I was dying to find out if the developers of Tony Hawk’s Pro Skater 1 and 2 had done it, had brought back the original feel of the series, and I received my answer very quickly: This is what I wanted. It was hard to stop smiling once everything clicked.
The demo sent to the press by Activision is the same demo you’ll get access to in the next few days if you pre-order the game or buy the right burrito, but don’t expect much. It’s not long, but then, it doesn’t have to be. It includes a single level: The Warehouse. There are no goals to achieve, no letters to collect, and no hidden tapes to find. You can only play as Tony Hawk, and you have two minutes to get as many points as you can during your run. That’s the entirety of the experience.
I kicked off, gained momentum on the downward slope, ollied onto the metal bar in the middle of the level for a short grind, popped off, landed in a manual to keep the combo going, then skated up the ramp on the opposite side of the level, still in my manual, and transitioned into a slide that kept me moving back toward the other side of the level, popped off the ramp to land a grind on the rail right before the gap, leaped off the rail, and sailed across the gap. It was magnificent.
Until I realized that my timing and spacing were both slightly off, and I landed in a heap — only to watch my skater get pixelated as a slight “rewind” sound played through the speakers, a new addition to the series. I didn’t eat shit, it turned out. The tape I was shooting just needed to be brought back to where I was on my feet. Fair enough!
Despite failing in my first attempt at a line, I was elated. My old muscle memory was still there, honed from hours upon hours playing the original games, judging distances and finding lines and learning how to keep a trick going. I lost virtual teeth because I wasn’t able to land that last ollie and bring the points home, but I knew it was my fault, not the game’s.
This sense of continuity, of making that muscle memory useful again, was one of the goals of this rerelease.
“We dug into Neversoft’s codebase, we were able to pull the handling code out of there, bring it into the engine that we’re in now and update it to make sure that we are making that feel exactly the way you remember it but updated with modern animation,” Vicarious Visions studio head Jen Oneal told Polygon in a previous interview. “It just looks incredibly smooth, and the fidelity is fantastic.”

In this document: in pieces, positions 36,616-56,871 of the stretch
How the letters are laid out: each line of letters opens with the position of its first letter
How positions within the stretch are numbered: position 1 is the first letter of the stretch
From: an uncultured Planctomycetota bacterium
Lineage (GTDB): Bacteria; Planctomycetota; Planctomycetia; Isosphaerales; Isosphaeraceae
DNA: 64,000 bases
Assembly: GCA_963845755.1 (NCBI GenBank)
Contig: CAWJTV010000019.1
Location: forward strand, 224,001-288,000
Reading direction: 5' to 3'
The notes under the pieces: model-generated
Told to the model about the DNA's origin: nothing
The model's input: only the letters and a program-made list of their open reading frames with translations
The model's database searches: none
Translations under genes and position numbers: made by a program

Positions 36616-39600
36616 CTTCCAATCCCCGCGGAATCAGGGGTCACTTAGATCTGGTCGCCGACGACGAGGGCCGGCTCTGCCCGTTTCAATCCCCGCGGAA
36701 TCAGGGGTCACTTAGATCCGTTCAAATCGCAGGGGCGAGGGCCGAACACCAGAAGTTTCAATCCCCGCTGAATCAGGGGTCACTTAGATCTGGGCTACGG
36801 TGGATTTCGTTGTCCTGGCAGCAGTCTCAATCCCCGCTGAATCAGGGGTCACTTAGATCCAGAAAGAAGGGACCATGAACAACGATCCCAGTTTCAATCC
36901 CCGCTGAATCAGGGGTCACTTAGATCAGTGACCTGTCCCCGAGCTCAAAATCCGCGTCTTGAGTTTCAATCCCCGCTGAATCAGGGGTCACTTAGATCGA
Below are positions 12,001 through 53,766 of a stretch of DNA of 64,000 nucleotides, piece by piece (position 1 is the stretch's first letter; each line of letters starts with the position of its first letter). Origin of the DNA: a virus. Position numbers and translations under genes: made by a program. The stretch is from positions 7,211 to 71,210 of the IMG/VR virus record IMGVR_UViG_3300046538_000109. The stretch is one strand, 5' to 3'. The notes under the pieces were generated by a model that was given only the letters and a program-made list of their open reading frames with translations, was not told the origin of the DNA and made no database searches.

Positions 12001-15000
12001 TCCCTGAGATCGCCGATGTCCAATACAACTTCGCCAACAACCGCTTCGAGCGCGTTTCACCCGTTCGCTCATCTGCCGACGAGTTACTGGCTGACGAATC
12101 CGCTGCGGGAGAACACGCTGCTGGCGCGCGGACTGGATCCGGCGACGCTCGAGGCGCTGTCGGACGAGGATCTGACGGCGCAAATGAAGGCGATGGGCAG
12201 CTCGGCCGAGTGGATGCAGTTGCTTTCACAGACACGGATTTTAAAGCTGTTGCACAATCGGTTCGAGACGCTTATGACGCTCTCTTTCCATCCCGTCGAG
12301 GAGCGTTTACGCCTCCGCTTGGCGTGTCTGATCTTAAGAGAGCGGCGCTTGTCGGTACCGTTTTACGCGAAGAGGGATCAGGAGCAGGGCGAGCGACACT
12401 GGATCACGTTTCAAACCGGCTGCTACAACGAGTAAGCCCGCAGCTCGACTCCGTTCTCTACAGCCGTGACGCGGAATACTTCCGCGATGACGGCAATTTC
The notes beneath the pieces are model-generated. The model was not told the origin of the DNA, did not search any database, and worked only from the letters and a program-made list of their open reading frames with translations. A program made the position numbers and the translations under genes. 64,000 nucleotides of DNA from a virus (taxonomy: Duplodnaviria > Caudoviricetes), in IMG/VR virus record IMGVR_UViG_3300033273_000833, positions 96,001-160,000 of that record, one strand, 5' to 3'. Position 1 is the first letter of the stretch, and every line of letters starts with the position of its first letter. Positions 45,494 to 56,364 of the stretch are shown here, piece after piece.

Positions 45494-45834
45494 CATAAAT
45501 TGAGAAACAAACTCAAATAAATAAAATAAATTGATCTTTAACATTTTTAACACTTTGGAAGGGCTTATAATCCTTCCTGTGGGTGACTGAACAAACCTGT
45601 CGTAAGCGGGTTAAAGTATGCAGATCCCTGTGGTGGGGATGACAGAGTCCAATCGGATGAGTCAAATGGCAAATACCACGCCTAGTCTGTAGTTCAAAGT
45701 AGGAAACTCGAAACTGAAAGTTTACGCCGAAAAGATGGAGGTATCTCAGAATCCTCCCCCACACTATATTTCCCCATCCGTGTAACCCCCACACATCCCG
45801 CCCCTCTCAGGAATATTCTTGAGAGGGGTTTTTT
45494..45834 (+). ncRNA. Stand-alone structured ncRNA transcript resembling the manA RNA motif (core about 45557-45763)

This is the Tony Hawk’s Pro Skater I remember, and I can play it like I remember, which is everything I wanted from this updated version. The rebuilt and retextured levels I could take or leave, although the updated look modernizes the experience visually to such an extent that it wouldn’t look out of place as a brand-new game in 2020.
More importantly, even though I had put this particular controller down a decade ago, playing this demo for the first time made it feel like no time had passed at all.
There are some quality-of-life updates here — the manual didn’t exist in the original Tony Hawk’s Pro Skater, after all — and you can toggle a few things to adjust the experience, such as making it so your special meter is always filled or so you can’t wipe out. The skaters from the original game that will make it into this release will be the present-day, older versions of the real-life skaters, with some additions to the roster. The final soundtrack is a fine mix of old and new, with a few tracks missing due to licensing issues.
But the demo as it exists is an exercise in restraint and showmanship. It’s the sort of statement you release when you know that you’ve done enough crucial things well, and that a small taste will be enough to get people excited. It’s a minimum working version that’s hopefully indicative of the final game.
If you loved the first two Tony Hawk games, this demo will get you even more excited to see how the rest of the levels look and play when Tony Hawk’s Pro Skater 1 and 2 is released on PlayStation 4, Windows PC, and Xbox One on Sept. 4.